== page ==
| Quote #1
(Chorus): "Ten years it is since the great plaintiff against Priam,
We also used this same quotation in the section on "Justice and Judgment," but we're reusing it again here. Why? Mainly to point out an ambiguity that lies at the heart of Aeschylus's play. If you set out to kill somebody who did something wrong to you, can you be acting justly? Doesn't that sound more like revenge than justice? Is there a difference between justice and revenge? What about the fact that Menelaus and Agamemnon act out of "anger," as the Chorus says; can justice be dealt out angrily, or does it require a more measured approach? These questions get close to the heart of what Agamemnon is all about.
| Quote #2
(Chorus): "I have the power to tell of the command destined on its road, the command
Same idea here as the last time around. The Chorus has generally portrayed the Greek war against Troy as just and sanctioned by the gods, but they also portray it as an angry act of revenge – as symbolized here by the reference to a "vengeful hand and spear." Are these two ideas compatible or incompatible?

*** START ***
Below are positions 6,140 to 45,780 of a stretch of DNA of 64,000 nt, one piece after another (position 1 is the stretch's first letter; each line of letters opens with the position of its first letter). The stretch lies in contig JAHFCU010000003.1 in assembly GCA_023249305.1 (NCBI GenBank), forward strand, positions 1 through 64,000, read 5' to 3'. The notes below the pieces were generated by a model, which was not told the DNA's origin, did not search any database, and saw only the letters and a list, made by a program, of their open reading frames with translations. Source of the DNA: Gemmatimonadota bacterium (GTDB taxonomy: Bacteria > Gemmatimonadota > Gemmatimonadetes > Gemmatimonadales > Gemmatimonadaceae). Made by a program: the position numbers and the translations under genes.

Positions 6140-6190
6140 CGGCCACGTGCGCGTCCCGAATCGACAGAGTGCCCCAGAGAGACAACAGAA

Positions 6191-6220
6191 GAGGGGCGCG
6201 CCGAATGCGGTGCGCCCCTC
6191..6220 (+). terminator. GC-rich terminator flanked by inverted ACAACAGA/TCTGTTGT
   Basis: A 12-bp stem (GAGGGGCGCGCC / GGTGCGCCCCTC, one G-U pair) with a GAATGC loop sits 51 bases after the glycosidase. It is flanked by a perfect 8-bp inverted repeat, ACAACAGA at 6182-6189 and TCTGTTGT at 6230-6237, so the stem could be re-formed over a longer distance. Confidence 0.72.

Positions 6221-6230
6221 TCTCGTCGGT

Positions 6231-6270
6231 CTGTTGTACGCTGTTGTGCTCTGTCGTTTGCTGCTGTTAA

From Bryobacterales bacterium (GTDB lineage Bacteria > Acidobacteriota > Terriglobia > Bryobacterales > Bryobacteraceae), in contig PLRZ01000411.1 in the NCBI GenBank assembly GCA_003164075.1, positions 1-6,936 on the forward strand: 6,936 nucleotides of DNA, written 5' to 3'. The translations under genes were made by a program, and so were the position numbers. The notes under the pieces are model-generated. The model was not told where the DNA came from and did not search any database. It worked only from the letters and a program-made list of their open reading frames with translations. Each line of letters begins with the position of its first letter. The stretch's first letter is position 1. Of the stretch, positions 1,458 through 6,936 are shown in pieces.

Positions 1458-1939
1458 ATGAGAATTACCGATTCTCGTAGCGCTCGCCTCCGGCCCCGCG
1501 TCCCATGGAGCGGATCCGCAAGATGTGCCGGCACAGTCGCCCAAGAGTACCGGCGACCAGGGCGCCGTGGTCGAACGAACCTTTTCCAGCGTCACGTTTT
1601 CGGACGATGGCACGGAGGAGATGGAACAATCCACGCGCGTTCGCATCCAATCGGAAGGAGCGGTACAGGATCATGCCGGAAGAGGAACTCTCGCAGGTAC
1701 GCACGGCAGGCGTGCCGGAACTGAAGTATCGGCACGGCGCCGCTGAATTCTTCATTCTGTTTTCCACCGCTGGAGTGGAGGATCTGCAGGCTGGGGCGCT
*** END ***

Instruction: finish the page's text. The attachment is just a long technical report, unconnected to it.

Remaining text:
| Quote #3
(Chorus): "Apollo there! Healer indeed, I call on you,
This is another quotation that could be placed in several different sections. Most obviously, you've got some issues here relating to the theme of "Fate and Free Will"; this comes up in the idea of the "unforgetting Wrath which avenges children," a reference to the curse on the house of Atreus that will result in Agamemnon getting killed. But couldn't the Chorus's words here be interpreted in a more metaphorical sense, too? You don't necessarily have to take literally the idea that a spirit of Wrath is responsible for killing Agamemnon; after all, Aegisthus does come onstage at the end of the play and say, "Hey everybody; I just killed Agamemnon because of what his dad did to my brothers and sisters." In this light, couldn't you just take the Chorus's words here as a statement on how the desire for revenge gets handed down from generation to generation like a horrible heirloom?